Meanwhile one of the HAARP researchers in Canada had written to thank him for the Nexus article. Jeane Manning was a writer who had just completed a manuscript, The Coming Energy Revolution. She suggested they collaborate on an article for an American publication. Begich replied by telephoning her in Vancouver. They learned that each had too much pressing information in their files to compress into an article. It had to be a book.

On his stopover at the Seattle airport before flying to Finland, Begich met with Manning for a few hours and found they shared similar values. They decided to try long-distance book authoring.

While he was in Finland, the only unsettling event was that HAARP-related files which he had forwarded to Reijo Makela had mysteriously disappeared from Reijo's office. The two men discussed the project anyway, and concluded that HAARP was an affront to good sense and a threat to safety. This conclusion was based on Makela's advanced understanding of the effects of radio waves upon people.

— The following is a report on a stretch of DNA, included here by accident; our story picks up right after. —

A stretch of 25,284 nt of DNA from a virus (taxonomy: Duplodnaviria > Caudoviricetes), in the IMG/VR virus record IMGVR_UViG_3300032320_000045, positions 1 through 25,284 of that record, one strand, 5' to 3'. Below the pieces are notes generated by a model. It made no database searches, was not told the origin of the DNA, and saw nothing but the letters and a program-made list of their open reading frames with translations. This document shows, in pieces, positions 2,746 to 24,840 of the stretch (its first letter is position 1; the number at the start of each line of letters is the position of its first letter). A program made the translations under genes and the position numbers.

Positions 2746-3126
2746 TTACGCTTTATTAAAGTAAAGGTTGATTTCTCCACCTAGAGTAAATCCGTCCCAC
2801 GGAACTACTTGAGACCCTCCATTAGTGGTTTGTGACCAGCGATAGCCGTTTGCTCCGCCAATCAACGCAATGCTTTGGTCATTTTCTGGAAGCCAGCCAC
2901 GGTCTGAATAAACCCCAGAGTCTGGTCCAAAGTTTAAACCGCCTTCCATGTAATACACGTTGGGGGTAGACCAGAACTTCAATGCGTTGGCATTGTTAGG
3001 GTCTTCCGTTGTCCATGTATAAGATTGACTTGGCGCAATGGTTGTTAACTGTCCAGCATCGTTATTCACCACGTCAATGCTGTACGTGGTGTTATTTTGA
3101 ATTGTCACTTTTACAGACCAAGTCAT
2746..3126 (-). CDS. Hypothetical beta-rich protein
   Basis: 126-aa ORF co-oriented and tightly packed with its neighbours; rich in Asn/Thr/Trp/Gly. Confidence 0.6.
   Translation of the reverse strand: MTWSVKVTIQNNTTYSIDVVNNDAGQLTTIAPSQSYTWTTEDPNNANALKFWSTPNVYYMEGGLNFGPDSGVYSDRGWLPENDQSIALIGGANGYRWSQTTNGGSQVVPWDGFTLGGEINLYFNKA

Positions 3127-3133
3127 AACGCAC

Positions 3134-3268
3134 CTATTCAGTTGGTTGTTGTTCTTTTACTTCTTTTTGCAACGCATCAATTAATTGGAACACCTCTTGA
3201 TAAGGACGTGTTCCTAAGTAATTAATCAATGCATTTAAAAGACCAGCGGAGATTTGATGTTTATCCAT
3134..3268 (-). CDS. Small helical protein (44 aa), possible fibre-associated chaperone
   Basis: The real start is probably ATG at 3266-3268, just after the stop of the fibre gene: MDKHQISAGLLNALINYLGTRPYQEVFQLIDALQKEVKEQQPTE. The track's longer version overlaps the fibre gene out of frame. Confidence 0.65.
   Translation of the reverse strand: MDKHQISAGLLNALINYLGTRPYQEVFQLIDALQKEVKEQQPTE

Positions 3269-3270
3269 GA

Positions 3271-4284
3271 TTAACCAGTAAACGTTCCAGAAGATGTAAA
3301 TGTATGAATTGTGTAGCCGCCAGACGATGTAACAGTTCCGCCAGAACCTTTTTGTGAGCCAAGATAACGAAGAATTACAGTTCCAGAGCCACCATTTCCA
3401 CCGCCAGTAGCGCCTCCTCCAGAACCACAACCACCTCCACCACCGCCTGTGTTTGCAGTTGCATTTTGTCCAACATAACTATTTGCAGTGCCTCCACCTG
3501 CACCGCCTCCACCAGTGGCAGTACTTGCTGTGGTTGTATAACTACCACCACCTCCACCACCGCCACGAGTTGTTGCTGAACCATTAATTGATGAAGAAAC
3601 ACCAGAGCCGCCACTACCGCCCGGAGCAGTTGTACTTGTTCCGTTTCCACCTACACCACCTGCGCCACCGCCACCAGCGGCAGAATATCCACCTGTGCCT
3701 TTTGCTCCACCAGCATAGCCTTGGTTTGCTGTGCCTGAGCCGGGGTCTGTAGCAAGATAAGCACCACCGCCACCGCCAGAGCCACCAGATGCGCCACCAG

Back in Anchorage, in early 1995 the Begiches sent an airline ticket to Jeane Manning, and their nine year old son moved into his sisters' bedroom for two weeks when she arrived. Nick took time off from work and they spread HAARP-related files for twenty feet across the carpet in his study, while typing on his computer and a borrowed notebook computer.


Shelah joined them for a visit to NO HAARP activist Clare Zickuhr and his wife, and they also drove hours into the "bush" country to speak with other activists. The most revealing interviews, however, took place over the telephone lines. While in Alaska, Jeane phoned Houston, Texas, and interviewed a man who has apparently been elbowed out of the inner circle of gigawatt-heater project planners.


Was it because he talked too much to the media?

"Scientists build toys. This is a neat big toy."44

Dr. Bernard Eastlund,

talking about HAARP.

"Tests of this kind could cause irreversible damage."45

Dr. Richard Williams


44 Dr. Bernard Eastlund Feb,20,1995 interview with Jeane Manning.

45 Dr. Richard Williams, "Atmospheric Threat",Physicsand Society, Apr.1988.